14.It was discovered that there were fictitious M-pesa postings to Micros, which were not reflected in M-pesa statements. This is shown in the Electronic Journal Printout of Micros and the M-pesa statements, exhibited by the Respondent. The Claimant, using his Micros card, posted bills amounting to Kshs. 246,029.
15.The respondent lodged a complaint with the Police, and the claimant was charged with the offence of stealing by servant, at Kiambu CM’s Court Criminal Case Number 1576 of 2015.
16.His notice period was 1 month.
17.The respondent prays the court to dismiss the claim with costs.
18.The claimant gave evidence on March 11, 2022. He adopted his witness statement and documents [1-4] on record, as his evidence-in-chief.
19.Cross-examined, he told the court that he was called for a meeting by the respondent, attended by the Human Resource Manager, the Restaurant Manager, and the Internal Auditor. He was informed that money was missing. He was shown a list of transactions from his Micros card. He was asked to explain. He explained that he did not know what happened to his card. It had to do with M-pesa. He was arrested and charged. The card was issued to permanent Employees. If an Employee was not on duty, he carried the card home. Any transaction made using the card, was recorded.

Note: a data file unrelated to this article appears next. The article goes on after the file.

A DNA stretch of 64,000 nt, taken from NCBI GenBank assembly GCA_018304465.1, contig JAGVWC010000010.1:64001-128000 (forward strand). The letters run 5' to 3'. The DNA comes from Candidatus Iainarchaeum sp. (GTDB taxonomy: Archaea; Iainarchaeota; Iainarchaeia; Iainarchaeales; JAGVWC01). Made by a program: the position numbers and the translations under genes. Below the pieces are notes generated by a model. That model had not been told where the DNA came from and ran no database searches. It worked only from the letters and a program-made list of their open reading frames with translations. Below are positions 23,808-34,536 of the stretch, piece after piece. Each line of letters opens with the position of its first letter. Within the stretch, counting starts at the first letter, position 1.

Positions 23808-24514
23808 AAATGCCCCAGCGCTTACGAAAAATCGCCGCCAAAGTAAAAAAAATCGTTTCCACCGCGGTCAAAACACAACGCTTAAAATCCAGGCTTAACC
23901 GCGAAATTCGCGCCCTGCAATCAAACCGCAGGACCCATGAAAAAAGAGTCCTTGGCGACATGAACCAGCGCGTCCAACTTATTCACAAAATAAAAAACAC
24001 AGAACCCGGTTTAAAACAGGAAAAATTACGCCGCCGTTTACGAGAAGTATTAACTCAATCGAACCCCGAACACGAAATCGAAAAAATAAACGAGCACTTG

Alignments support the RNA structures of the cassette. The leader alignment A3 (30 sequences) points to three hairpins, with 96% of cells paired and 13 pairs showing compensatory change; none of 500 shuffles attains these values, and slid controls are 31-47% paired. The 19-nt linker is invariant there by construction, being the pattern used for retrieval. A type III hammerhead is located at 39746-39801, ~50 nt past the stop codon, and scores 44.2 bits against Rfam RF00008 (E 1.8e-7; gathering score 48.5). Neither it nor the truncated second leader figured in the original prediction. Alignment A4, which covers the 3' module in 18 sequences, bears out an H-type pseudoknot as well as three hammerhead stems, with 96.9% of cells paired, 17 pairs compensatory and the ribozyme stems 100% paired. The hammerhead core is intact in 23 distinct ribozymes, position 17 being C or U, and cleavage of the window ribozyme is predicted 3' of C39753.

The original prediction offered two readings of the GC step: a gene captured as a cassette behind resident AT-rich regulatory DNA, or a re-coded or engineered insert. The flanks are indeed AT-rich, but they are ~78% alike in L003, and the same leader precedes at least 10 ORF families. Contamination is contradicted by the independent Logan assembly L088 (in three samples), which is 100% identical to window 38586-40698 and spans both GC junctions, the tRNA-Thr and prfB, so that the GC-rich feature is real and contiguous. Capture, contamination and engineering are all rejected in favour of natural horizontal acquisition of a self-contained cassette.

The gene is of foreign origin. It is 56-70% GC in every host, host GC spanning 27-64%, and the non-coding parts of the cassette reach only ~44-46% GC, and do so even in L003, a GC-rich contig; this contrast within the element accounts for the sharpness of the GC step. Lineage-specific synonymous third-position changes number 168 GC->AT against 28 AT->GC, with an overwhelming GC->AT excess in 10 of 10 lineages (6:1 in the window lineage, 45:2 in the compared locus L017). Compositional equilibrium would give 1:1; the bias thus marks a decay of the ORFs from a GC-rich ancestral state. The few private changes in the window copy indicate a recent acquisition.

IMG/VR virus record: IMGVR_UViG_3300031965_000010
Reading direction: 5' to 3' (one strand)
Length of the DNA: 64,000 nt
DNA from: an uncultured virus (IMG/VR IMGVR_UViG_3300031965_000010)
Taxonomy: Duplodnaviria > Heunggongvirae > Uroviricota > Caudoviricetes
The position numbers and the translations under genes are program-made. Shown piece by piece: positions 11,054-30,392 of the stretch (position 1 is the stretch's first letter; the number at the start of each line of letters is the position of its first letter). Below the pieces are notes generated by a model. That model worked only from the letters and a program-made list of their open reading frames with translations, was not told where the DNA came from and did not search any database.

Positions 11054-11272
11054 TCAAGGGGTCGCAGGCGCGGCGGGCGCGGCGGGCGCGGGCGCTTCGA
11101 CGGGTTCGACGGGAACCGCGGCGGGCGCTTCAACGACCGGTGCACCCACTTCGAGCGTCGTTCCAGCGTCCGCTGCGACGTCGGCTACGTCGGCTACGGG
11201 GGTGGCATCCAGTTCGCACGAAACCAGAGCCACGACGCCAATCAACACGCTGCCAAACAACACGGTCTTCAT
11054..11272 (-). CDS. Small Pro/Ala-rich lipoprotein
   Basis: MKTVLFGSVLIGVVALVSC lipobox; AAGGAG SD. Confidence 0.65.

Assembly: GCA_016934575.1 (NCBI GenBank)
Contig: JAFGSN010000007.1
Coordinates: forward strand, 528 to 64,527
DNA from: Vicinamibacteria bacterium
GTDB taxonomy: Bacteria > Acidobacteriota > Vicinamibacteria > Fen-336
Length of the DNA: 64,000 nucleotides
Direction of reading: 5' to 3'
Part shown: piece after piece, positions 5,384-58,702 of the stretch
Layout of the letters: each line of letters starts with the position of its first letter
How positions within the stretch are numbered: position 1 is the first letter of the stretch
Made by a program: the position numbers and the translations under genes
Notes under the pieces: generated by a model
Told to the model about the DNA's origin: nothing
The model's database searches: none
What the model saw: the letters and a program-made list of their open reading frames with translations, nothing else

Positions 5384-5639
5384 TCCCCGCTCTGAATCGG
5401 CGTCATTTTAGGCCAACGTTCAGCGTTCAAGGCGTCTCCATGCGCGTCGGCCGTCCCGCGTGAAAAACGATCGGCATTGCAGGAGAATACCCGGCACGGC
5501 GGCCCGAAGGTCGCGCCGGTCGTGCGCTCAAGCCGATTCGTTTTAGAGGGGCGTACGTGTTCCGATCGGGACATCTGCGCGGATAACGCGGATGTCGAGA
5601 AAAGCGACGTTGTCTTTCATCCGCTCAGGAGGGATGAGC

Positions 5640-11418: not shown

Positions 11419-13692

20.Redirected, the claimant told the court that the meeting was on a Friday afternoon. The meeting was attended by 3 Management Officers, and 2 Police Officers. The claimant was told that money was missing. He was given a piece of paper to write his explanation. There was no chance to be heard, or call witness. He was not accompanied by a colleague or trade union representative. He was arrested the same day. The criminal case was pending by the time the claimant gave evidence in the proceedings herein.
21.Cards were used to cash in the money. The Manager could log in using digits. The digits were not visible to the Employee. The claimant held the physical card. Digits could be keyed in the system without the physical card. Other Employees were not investigated. The Manager told the claimant informally, that money was missing.